Stroke in Black South African HIV-Positive Patients
A Prospective Analysis
This article requires a subscription to view the full text. If you have a subscription you may use the login form below to view the article. Access to this article can also be purchased.
Background and Purpose— Stroke associated with HIV infection is poorly characterized. In this study we analyze the association in a black African population.
Methods— The clinical, laboratory, and radiological characteristics of 35 hospital-based black South African, heterosexual, HIV-infected patients who did not abuse intravenous drugs and presented with strokes were prospectively studied. The patients were antiretroviral therapy naive. Patients with other intracranial space-occupying lesions were excluded from the study.
Results— The age range was 20 to 61 years (mean, 32.1 years). There were 21 female and 14 male patients, with a female to male ratio of 1.5:1. Cerebral infarction occurred in 33 patients (94%) and intracerebral hemorrhage in 2 patients (6%). Underlying causes were identified in 30 of the 35 patients (86%) and included coagulopathies, meningitis, cardioembolism, and hypertension. The most common coagulopathy was protein S deficiency. No cause was found in 5 patients (14%).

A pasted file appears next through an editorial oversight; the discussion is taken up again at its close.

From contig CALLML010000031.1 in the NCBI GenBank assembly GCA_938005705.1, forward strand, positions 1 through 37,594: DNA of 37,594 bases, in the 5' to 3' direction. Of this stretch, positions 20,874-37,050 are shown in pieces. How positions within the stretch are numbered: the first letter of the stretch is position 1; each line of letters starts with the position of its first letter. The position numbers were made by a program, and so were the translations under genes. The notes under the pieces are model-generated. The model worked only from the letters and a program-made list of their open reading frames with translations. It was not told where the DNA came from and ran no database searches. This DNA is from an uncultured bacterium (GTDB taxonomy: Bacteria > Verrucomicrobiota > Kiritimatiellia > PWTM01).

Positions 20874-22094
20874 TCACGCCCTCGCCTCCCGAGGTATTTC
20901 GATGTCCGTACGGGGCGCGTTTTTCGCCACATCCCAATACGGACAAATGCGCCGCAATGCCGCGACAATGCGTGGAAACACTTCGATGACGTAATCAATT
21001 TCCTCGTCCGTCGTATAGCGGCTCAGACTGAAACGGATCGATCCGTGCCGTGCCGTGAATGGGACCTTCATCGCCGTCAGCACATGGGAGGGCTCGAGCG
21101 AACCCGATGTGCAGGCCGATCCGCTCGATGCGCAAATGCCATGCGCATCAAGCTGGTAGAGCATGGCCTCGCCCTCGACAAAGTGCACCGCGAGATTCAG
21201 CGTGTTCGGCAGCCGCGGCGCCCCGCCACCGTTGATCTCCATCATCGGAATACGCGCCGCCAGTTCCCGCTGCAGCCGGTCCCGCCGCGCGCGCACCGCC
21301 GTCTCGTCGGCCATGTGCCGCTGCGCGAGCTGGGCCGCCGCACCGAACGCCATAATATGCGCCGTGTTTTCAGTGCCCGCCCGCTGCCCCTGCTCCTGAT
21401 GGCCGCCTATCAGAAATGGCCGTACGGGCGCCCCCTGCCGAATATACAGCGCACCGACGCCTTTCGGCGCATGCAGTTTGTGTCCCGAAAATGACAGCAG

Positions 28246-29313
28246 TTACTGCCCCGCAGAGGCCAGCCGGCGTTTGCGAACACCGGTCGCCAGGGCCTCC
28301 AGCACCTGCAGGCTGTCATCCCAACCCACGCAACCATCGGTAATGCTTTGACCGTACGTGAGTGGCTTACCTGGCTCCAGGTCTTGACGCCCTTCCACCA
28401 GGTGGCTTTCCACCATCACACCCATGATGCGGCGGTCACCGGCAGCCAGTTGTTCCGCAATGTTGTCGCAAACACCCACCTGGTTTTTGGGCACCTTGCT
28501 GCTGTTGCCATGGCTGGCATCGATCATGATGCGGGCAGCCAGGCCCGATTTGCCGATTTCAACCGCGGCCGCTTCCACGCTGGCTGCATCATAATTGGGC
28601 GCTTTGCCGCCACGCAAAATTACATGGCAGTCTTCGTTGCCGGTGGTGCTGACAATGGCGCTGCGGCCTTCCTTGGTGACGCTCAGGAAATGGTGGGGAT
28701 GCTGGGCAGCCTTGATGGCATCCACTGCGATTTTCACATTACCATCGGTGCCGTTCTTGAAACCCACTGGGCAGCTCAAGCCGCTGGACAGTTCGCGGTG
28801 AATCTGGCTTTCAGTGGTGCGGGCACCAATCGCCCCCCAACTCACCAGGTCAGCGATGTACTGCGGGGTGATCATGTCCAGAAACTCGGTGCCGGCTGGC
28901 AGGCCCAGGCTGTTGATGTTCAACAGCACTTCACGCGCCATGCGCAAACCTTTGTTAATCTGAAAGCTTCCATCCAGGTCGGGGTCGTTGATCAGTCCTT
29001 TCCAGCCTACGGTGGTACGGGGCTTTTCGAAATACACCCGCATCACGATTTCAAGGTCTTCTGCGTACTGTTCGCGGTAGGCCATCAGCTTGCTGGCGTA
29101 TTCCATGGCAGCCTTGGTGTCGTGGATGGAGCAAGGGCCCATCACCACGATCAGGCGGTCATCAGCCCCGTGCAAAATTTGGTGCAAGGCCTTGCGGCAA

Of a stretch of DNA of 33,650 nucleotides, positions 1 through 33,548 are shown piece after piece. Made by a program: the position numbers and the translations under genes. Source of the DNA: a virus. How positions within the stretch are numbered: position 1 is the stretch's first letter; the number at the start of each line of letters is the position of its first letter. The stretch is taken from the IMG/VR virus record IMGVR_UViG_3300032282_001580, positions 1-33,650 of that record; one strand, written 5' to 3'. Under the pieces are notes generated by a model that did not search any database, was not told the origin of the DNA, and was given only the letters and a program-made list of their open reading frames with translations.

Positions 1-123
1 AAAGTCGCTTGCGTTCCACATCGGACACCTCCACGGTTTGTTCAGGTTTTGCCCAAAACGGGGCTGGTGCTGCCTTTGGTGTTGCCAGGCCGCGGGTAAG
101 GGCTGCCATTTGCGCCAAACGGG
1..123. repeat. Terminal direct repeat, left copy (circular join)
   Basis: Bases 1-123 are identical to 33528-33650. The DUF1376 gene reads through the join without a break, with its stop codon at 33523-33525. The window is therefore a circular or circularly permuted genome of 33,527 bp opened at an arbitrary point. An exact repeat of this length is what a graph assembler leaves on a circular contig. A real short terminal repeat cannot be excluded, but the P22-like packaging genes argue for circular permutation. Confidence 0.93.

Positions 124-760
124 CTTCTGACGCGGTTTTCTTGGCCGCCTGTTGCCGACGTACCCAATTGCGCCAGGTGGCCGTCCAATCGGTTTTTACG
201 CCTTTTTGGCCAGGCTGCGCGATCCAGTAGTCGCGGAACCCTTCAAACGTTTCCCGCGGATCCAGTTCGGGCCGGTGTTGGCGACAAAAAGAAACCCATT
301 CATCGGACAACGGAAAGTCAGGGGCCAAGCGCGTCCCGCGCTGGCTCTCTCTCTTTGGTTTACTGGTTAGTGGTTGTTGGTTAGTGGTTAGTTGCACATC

Conclusions— The results are similar to data from studies on young black African stroke patients who are HIV negative.
- Received May 17, 2002.
- Revision received July 1, 2002.
- Accepted July 26, 2002.